CHICAGO – It’s 3am on Saturday night/Sunday morning on August 20th, and you’re just not ready to quit. How about indulging in the 2016 “Abbie Hoffman Died for Our Sins” Theater Festival? The three-day theater marathon is in its 28th edition, and will be sponsored for the final time by the Mary-Arrchie Theatre Company, and hosted by the “Godfather of Storefront Theater,” Rich Cotovsky. It all takes place at the Den Theatre, 1333 N. Milwaukee in Chicago (details below).
CHICAGO – I may never know how “In Their Skin” came into being, but I have a pretty good theory. Screenwriter/star Josh Close was so appalled by the unapologetic bleakness of Michael Haneke’s “Funny Games” that he took it upon himself to make the exact same movie, more or less, but with a much happier ending. It’s a noble effort but every bit as pointless as Rod Lurie’s proudly non-misogynistic remake of “Straw Dogs.”
CHICAGO – One of the most shocking developments at yesterday’s Oscar nominations was the widespread inclusion of one of international cinema’s most controversial directors, Michael Haneke (“Caché,” “The White Ribbon”). His newest film, “Amour,” opening in Chicago theaters today, was nominated for Best Director, Best Original Screenplay, Best Actress, Best Foreign Language Film, and Best Picture of the Year.
CHICAGO – After receiving eight previous prizes at the Cannes Film Festival, German filmmaker Michael Haneke became the first person in history to win the Palme d’Or twice within a mere three-year period. Haneke snagged the top prize at Cannes for “Amour,” a widely praised drama about an elderly couple whose love is challenged by the physical frailties of age.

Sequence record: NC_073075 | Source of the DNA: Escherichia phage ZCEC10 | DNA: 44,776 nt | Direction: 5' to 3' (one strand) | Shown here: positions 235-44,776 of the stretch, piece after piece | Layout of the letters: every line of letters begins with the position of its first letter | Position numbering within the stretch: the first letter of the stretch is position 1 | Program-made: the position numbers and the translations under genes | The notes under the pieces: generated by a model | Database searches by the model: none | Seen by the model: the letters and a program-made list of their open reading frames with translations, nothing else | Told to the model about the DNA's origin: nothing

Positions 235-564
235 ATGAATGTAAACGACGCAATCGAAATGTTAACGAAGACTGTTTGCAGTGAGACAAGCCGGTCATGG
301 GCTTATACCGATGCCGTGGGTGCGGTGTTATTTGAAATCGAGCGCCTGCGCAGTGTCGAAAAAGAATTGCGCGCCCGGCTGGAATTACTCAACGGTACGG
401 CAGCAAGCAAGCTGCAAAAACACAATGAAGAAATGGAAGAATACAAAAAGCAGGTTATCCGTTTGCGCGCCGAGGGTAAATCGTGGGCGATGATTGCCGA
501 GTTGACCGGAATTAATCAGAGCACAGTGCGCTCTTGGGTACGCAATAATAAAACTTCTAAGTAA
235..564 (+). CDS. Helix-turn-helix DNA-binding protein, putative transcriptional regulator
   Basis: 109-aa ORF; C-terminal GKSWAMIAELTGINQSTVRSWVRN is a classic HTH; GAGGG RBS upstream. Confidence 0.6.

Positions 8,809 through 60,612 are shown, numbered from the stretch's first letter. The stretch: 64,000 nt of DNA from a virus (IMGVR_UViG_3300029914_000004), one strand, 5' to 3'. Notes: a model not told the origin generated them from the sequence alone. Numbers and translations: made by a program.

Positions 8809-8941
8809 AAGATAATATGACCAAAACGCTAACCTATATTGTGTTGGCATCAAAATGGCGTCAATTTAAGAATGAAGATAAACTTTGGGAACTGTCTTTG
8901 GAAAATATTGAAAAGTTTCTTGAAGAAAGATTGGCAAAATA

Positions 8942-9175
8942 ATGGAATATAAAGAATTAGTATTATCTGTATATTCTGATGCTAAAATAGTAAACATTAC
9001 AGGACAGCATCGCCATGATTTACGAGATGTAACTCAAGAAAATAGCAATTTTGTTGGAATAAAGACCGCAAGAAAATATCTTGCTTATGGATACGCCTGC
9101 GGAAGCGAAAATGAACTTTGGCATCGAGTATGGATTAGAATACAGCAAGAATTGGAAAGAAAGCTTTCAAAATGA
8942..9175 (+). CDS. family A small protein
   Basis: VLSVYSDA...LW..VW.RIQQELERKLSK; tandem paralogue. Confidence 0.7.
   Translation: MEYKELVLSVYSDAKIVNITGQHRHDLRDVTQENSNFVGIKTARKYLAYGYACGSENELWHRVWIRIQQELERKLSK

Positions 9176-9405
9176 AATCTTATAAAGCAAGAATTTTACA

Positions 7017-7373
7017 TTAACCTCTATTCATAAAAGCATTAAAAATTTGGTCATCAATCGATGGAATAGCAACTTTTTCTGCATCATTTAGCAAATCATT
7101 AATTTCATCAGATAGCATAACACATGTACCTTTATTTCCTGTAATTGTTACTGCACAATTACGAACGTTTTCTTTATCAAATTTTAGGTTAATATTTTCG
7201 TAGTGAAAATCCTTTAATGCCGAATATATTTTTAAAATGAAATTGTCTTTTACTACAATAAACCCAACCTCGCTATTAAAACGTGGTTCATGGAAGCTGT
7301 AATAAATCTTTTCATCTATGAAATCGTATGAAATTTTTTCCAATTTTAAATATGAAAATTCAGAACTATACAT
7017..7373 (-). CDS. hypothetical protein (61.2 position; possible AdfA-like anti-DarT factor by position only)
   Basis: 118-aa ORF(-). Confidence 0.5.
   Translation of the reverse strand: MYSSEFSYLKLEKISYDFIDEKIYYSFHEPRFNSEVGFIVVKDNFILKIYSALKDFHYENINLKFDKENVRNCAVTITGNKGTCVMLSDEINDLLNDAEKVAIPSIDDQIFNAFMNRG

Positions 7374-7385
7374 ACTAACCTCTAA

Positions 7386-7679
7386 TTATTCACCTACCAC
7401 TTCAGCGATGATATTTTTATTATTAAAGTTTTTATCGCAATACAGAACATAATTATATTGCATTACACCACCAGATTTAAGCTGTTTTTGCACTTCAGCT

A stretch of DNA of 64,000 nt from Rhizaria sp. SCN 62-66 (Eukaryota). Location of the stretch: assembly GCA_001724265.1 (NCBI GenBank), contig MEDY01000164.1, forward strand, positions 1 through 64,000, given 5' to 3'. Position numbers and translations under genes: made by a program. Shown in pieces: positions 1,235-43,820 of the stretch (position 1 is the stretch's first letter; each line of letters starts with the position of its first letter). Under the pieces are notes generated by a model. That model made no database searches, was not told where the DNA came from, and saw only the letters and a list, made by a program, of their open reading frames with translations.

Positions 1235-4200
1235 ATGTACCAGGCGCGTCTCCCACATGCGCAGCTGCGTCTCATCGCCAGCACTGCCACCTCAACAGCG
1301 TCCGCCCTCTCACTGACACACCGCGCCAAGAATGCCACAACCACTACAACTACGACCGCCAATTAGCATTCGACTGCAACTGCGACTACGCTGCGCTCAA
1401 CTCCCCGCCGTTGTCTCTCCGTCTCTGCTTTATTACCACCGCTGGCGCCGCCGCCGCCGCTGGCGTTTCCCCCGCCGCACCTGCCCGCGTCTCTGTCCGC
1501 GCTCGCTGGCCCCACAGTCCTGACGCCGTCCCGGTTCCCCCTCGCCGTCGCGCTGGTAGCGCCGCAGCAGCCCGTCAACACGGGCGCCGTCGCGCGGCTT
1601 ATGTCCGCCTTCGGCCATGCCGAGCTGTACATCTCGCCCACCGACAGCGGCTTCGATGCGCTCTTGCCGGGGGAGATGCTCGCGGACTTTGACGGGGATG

CHICAGO – Michael Haneke is one of our best living filmmakers, having already delivered at least one masterpiece in the amazing “Cache” and a few other notable works like “Funny Games,” “The Piano Teacher,” and “Code Unknown.” Those familiar with the quality of his filmography may be stunned to learn that “The White Ribbon” is arguably his best.
CHICAGO – The international reputation of director Michael Haneke (”Caché,” “Funny Games”) is due in no small part to his longtime collaboration with cinematographer Christian Berger, who photographed Haneke’s latest film, “The White Ribbon.”
CHICAGO – Imagine a film with no redeeming or uplifting emotional qualities with evil that tortures the soul, squirm-inducing narrative elements and a relentless anxiety that practically has us – like the characters in the film – screaming for mercy. Imagine also that this film is excellent.